North Korea’s Price To Give Up Nuclear Weapons? A Promise To Not Invade

If this is all Kim Jong-un wants, along with one other thing, it’s a bargain

Kim Says He’ll Give Up Weapons if U.S. Promises Not to Invade

North Korea’s leader, Kim Jong-un, told President Moon Jae-in of South Korea when they met that he would abandon his nuclear weapons if the United States would agree to formally end the Korean War and promise that it would not invade his country, a South Korean government spokesman said Sunday.

In a faith-building gesture ahead of a summit meeting with President Trump, Mr. Kim also said he would invite experts and journalists from South Korea and the United States to watch the shutdown next month of his country’s only known underground nuclear test site.

The comments by Mr. Kim were made on Friday when the leaders of the two Koreas met at Panmunjom, a village on their shared border, the spokesman, Yoon Young-chan, said on Sunday, providing additional details of the meeting.

“I know the Americans are inherently disposed against us, but when they talk with us, they will see that I am not the kind of person who would shoot nuclear weapons to the south, over the Pacific or at the United States,” Mr. Kim told Mr. Moon, according to Mr. Yoon’s account of the meeting.

Actually, he is the kind of guy who might do that. We should never lose fact of him being a brutal, murderous, violent, repressive, torturous dictator running a country along those lines. This country which barely has electricity and food has a massive army, with quite a bit of regular, chemical, and biological weapons, most of which are aimed at South Korea and Japan with all their short and medium range artillery and rockets. The capital of South Korea, Seoul, has a population of over 10 million. Add in the millions who live around Seoul and in places like Inchon and the rest of the northern part of S. Korea, all within 40 miles of the DMZ, an easy range for missiles and artillery, and you could have a significant death toll within the first hours, much less days.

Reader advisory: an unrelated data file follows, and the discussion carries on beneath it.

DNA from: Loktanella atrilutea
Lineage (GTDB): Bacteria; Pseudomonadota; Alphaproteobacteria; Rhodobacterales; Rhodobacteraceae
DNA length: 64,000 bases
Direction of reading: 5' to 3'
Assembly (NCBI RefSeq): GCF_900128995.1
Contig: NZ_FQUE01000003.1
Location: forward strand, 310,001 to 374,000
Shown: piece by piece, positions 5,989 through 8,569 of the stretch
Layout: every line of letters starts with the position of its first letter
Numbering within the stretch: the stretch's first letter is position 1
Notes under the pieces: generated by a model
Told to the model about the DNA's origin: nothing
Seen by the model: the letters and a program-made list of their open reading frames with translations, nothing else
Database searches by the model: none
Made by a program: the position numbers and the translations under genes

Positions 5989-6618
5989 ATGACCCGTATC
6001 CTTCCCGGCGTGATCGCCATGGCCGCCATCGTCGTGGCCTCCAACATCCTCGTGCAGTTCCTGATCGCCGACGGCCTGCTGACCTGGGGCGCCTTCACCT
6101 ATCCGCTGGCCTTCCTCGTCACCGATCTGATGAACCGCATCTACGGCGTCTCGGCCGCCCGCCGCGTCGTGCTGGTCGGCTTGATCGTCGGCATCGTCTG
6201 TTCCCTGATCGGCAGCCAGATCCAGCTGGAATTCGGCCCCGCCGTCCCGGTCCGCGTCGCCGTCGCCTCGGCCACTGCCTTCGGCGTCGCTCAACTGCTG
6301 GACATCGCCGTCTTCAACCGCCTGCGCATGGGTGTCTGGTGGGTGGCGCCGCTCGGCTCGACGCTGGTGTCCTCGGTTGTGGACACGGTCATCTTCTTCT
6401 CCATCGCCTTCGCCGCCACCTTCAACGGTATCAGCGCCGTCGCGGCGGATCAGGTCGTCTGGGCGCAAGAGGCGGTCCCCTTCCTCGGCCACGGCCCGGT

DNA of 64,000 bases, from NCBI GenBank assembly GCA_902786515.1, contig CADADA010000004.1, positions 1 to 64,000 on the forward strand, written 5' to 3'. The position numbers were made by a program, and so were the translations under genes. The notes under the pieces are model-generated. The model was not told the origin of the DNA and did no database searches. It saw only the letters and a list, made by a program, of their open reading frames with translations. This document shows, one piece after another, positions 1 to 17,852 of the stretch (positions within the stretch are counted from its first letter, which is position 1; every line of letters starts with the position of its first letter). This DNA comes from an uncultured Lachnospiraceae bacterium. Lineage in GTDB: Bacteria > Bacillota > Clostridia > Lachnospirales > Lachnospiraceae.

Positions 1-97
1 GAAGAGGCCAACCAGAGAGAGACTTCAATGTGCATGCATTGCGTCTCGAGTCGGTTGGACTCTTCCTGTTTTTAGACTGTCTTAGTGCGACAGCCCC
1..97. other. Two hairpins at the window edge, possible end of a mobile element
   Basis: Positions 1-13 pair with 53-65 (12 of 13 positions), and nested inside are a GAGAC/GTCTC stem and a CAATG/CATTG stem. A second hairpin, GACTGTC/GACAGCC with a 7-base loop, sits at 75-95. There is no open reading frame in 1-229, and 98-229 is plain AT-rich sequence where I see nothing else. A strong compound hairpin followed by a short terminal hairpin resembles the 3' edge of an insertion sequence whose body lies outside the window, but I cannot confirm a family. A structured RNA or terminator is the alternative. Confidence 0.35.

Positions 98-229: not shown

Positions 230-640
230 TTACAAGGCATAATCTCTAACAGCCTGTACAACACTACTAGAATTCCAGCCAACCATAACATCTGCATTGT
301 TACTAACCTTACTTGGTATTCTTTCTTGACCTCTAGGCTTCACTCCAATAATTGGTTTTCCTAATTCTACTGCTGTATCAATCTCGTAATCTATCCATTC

So, really, promising not to invade is no big deal. If we were going to hit North Korea, it would be through a massive strike hitting NK’s nuclear facilities as well as their forces that can attack South Korea and Japan via cruise missile strikes and the use of stealth bombers. It wouldn’t be a pinpoint strike on a few places. And there would still be a concern that NK would get off some missiles which could easily kill tens of thousands, if not hundreds of thousands, quickly.

We wouldn’t be invading with ground troops, at least to start. So a pledge to not invade for NK giving up all their nuclear weapons and associated research and facilities? OK.

And, any promise from Trump could be ended if North Korea failed to live up to their end of the bargain. Declaring an end to the Korean war? OK. It can always restart if North Korea wants to get frisky.

Mr. Kim even vowed to readjust his country’s clock to match the time zone in South Korea.

In 2015, North Korea created its own time zone — “Pyongyang time” — and set its clocks 30 minutes behind those of South Korea, Japan and other neighbors. That has since created confusion among officials from both Koreas when they tried to schedule their meetings, such as the summit meeting on Friday.

“When I was sitting in the waiting room, I saw two clocks on the wall, one of the Seoul time and the other of the Pyongyang time, and I felt bad about it,” Mr. Kim was quoted as telling Mr. Moon. “Why don’t we reunify our clocks first?”

The big question is “how serious is Kim?” Is this simply a game being played by him, as he and his father have done many, many times? Or, can something big happen? And, could that be turned into North Korea becoming a better nation? Only time will tell.

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One Response to “North Korea’s Price To Give Up Nuclear Weapons? A Promise To Not Invade”

  1. Dana says:

    A promise not to invade is close to worthless; it can be broken at any time. Getting rid of physical things like weapons? Those take time and money to rebuild. So, yeah, I’m perfectly willing for the US to promise not to invade; after all, even without such a promise, and a state of war existing, we haven’t been interested in invading the North for the last 65 years.

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